South Africa tried desperately to keep the ball away from Strauss's strongest areas - square of the wicket on either side - but the straight bowling of Pollock, Ntini and Dale Steyn was met with the full face of a broad bat. And Strauss once again won the game of patience. He bided his time, waited for the bowlers to err and this hundred was completed 40 minutes more quickly than his previous two on this tour.

Before taking control with Key, Strauss had watched Marcus Trescothick play another unconvincing innings. The Somerset opener scored a wonderful century in Durban but his lack of footwork was once again exposed here. The left-handed batsman had wafted at several deliveries and failed to make contact and it surprised few when he edged Steyn to Mark Boucher.

Boucher was one of two changes to the South African side. The wicketkeeper replaced Hashim Amla - allowing A B de Villiers to play solely as a batsman - and the Proteas' selectors also decided not to risk Charl Langeveldt, who fractured his left hand in Cape Town.

England were also forced to make one alteration with James Anderson replacing Simon Jones, who was forced to withdraw with a back injury. But the loss of Jones was more than made up for when Vaughan won his first toss of the tour. The England captain wasted little time in informing Graeme Smith that he intended to bat and left the field with a huge grin on his face.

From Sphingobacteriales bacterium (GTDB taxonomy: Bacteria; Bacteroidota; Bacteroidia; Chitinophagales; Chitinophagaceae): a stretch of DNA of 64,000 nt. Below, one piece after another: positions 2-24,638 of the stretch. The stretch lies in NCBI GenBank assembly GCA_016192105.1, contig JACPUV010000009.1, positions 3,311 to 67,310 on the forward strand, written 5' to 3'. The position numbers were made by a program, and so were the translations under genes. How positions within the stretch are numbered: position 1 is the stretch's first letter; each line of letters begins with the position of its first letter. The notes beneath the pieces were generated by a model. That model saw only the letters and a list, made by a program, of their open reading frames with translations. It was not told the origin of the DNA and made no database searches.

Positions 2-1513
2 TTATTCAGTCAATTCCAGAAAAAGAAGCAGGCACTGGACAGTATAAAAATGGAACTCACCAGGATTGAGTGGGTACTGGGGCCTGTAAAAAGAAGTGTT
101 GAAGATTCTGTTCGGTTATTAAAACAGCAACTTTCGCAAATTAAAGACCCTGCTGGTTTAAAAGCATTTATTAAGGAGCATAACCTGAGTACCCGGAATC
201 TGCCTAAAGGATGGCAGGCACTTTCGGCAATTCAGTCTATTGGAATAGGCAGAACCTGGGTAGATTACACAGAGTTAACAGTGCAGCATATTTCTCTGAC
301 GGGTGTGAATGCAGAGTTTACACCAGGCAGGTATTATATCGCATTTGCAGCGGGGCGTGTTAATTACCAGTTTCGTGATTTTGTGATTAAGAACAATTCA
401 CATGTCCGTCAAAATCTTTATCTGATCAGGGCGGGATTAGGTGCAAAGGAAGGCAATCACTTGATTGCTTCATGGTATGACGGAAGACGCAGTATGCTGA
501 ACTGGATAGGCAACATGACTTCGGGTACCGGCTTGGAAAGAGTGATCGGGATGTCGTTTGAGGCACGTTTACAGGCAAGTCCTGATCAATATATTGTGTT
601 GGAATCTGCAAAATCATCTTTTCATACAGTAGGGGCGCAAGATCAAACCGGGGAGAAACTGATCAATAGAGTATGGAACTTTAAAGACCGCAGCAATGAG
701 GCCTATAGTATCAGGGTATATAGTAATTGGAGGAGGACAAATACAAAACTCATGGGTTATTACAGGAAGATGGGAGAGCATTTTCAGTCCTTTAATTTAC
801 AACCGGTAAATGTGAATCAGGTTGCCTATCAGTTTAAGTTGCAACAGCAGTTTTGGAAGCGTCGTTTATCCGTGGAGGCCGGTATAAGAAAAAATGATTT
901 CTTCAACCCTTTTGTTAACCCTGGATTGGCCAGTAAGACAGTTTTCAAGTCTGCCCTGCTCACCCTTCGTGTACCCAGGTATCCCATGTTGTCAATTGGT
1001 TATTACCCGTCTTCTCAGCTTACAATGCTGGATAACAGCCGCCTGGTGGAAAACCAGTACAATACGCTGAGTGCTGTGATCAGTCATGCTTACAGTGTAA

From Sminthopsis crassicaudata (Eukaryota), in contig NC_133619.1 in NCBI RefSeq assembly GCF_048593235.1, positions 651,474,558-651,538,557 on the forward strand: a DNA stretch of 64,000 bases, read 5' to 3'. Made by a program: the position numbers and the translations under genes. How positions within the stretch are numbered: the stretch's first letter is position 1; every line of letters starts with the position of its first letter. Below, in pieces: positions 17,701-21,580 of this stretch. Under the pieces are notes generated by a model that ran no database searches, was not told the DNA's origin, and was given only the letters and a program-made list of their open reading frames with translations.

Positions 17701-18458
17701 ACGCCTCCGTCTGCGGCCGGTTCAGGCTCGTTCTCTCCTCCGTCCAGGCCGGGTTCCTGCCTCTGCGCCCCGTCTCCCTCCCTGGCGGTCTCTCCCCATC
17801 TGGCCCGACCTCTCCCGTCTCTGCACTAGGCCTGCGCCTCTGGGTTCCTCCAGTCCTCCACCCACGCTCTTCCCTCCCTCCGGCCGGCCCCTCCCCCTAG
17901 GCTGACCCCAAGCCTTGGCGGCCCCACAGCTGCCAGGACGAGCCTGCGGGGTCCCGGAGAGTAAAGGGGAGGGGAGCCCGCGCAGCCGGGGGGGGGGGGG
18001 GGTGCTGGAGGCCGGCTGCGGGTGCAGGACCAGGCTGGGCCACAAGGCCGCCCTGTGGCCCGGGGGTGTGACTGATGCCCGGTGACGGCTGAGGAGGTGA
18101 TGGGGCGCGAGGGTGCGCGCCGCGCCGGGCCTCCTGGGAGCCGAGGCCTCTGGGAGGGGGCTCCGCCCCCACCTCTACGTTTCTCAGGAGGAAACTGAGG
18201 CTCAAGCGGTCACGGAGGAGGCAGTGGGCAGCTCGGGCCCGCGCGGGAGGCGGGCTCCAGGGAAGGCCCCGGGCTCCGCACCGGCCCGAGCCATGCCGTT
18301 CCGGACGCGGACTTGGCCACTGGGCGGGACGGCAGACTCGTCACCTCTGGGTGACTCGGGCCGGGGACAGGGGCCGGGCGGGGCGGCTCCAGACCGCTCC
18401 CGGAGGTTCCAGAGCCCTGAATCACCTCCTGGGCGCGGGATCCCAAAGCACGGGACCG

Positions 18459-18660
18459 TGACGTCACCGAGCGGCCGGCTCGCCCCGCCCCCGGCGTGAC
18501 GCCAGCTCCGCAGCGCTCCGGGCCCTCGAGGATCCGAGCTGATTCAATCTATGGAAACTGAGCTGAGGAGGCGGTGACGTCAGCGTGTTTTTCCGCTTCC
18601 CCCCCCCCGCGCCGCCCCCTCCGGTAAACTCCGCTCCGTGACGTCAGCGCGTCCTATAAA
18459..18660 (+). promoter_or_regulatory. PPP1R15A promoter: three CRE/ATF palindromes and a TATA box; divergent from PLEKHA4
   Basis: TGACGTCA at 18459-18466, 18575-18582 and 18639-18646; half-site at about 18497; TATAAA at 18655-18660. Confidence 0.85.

Key would have played in the last two Test matches no matter how he batted yesterday but he still needed this innings. Ntini tried to rough him up with several well-directed short balls and Boucher had the odd word in his ear but he knocked back everything the South Africans threw at him.

It was also nice to see the right-hander coming down the wicket to Boje and hitting him down the ground, even though the spinner had had him stumped in the previous Test. But just when he appeared to be on course for his second Test century he drove wildly at Ntini and was caught at first slip.